Micah Parsons claps back at Cowboys OTA criticism with fierce Aaron Donald comp

Micah Parsons didn't mince words about criticism from his OTA absence
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Seattle Seahawks v Dallas Cowboys / Ryan Kang/GettyImages

It's the dog days of the NFL offseason, so non-stories are getting blown out of proportion through the general media. The Dallas Cowboys have understandably caught heat for how they've handled contract talks with CeeDee Lamb and Dak Prescott, but Micah Parsons found himself in the crosshairs of negative discourse amid his absence from OTAs.

Mike McCarthy subtly called out Parsons for missing the voluntary practices, saying that Parsons missed an opportunity to display leadership and build chemistry with teammates. Members of the Dallas media have even brought Parsons' leadership into question.

As he always is, Parsons was in full uniform for the start of mandatory minicamp on Tuesday. After practice, the All-Pro pass rusher addressed the media and loudly defended his decision to skip voluntary workouts and train on his own.

Ever aware that he's knocking on the door of winning Defensive Player of the Year, Parsons likened his OTA absence to that of a three-time DPOY and arguably the greatest defensive player of his generation, Aaron Donald.

Cowboys' Micah Parsons defends OTAs absence with suasive Aaron Donald comp

"I think the more years you have, the more you understand that there's also like the business side to it," Parsons said, via NFL Network's Jane Slater. "I mean, there was a time where Aaron Donald didn't even go to (training) camp and he won Defensive Player of the Year and then went to the playoffs. Like, are we forgetting these times? Like we wasn't talking about the best defensive player wasn't even in camp. And we're in minicamps. Voluntary at that. So you know, (mini)camp was something that is mandatory. I'm just looking at it as a time for my body to heal. I'm playing as an undersized rusher who is banged up every year. So I'm just letting my body heal. I'm just trying to grow, strengthen, and really just get ready for the year."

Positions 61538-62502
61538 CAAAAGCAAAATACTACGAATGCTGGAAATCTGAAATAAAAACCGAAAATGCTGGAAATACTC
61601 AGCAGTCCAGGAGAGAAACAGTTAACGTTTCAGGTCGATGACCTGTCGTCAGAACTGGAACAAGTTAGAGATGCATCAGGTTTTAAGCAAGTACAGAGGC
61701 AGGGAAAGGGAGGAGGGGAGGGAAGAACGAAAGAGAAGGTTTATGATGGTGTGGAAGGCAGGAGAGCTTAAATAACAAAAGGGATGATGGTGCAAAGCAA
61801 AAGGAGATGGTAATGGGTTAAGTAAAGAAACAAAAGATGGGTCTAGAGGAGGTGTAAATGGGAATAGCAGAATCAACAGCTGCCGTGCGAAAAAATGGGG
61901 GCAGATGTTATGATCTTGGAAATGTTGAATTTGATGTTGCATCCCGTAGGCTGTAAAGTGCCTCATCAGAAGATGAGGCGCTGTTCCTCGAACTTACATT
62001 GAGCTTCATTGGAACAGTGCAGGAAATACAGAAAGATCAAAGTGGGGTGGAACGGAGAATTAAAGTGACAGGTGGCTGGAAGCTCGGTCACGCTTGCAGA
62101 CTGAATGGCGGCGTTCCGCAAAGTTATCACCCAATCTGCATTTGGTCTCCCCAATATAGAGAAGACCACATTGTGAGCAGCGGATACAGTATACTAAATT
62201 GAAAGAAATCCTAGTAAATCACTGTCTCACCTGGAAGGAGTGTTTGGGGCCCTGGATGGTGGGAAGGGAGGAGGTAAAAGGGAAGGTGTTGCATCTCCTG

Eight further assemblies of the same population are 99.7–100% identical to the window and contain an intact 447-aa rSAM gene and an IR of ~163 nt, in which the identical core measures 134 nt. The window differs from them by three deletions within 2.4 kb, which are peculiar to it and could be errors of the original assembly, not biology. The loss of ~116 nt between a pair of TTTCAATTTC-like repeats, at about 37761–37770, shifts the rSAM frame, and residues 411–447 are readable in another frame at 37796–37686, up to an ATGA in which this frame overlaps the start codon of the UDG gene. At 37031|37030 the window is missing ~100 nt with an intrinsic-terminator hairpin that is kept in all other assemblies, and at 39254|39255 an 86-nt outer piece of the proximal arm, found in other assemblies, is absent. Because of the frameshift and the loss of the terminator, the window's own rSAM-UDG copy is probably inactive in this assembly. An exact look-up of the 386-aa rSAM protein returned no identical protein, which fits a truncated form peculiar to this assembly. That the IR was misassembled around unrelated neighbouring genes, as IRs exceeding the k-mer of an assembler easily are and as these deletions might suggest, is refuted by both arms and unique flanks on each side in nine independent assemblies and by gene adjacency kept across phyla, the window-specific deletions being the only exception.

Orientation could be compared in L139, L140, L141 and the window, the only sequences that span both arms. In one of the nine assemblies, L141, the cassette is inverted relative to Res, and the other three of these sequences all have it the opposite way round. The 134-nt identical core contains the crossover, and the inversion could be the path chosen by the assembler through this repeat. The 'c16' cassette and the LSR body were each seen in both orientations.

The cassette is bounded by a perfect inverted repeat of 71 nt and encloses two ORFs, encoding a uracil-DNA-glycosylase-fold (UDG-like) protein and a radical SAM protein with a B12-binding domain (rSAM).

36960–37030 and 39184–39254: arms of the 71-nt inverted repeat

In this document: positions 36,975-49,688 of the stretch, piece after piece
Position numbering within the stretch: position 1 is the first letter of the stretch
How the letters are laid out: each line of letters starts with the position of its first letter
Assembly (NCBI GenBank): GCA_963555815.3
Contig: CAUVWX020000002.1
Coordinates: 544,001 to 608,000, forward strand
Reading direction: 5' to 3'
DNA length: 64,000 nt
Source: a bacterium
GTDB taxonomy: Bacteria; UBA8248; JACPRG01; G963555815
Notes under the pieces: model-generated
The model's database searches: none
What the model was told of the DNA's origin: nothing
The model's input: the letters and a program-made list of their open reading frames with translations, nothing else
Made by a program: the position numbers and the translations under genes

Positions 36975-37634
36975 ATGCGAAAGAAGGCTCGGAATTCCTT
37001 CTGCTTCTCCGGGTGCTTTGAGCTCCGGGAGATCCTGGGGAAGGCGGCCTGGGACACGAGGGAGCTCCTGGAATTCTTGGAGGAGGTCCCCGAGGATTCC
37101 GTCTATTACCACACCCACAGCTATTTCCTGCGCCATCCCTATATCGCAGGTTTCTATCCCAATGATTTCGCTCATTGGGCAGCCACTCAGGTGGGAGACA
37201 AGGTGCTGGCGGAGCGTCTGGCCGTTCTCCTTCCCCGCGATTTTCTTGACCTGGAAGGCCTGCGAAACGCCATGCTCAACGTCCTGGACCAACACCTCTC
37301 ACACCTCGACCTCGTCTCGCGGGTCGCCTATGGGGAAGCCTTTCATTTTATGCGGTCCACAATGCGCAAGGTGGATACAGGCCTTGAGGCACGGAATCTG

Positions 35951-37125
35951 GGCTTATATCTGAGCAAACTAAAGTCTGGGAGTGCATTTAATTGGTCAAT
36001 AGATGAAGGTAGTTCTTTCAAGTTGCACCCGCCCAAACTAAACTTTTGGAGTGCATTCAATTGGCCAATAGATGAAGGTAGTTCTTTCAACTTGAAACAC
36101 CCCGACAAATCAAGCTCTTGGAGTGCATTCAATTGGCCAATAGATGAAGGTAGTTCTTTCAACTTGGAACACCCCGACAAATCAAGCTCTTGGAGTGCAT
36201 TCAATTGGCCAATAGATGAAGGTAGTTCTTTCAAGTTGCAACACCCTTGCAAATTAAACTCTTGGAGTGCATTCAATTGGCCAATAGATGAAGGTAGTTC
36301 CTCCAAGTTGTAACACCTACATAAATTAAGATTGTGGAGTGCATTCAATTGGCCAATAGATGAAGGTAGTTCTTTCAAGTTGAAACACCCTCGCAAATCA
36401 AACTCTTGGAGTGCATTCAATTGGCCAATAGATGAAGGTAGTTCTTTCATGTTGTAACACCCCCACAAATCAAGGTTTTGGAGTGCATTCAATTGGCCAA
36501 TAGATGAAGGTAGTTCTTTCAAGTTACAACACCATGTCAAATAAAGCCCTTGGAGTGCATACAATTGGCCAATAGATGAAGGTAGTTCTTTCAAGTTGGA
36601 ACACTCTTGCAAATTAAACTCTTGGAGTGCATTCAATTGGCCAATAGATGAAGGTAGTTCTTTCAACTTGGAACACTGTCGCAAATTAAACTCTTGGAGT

Donald skipped the Rams' 2017 offseason program and even sat out part of training camp as he sought a contract extension. Donald, who retired after the 2023 season, won consecutive Defensive Player of the Year awards in 2017 and 2018. He won the award again in 2020.

Through three seasons, Parsons' resume is identical to Donald's. In fact, Parsons has one more All-Pro nod than the future Hall of Famer did at this point in his career and he came closer to winning DPOY. It wasn't until Donald's fourth season that he took home his first Defensive Player of the Year award. Parsons was not out of pocket to liken his OTA absence to that of Donald's in 2017.

It's not like the Cowboys weren't aware of Parsons' whereabouts. He was training independently with local boxing coach Tony Mack.

And yet, Cowboys fans felt obligated to flock to Parsons' defense. Not every superstar has built-in leadership qualities. You can point to a number of high-level NFL players who prefer to lead by example. A man of few words, now-former Dallas left tackle Tyron Smith is one of these players.

As far as the current Cowboys, Dak Prescott, DeMarcus Lawrence and Ezekiel Elliott offer plenty of leadership in the locker room.

Parsons has kept in excellent shape. It's not the end of the world that he missed a handful of voluntary practices. There's plenty of time between minicamp and training camp, which lasts up to a month, for Parsons to catch up on Mike Zimmer's teachings and build on the chemistry he already has with teammates.

Parsons had every right to defend his decision because it wasn't worthy of criticism to begin with.

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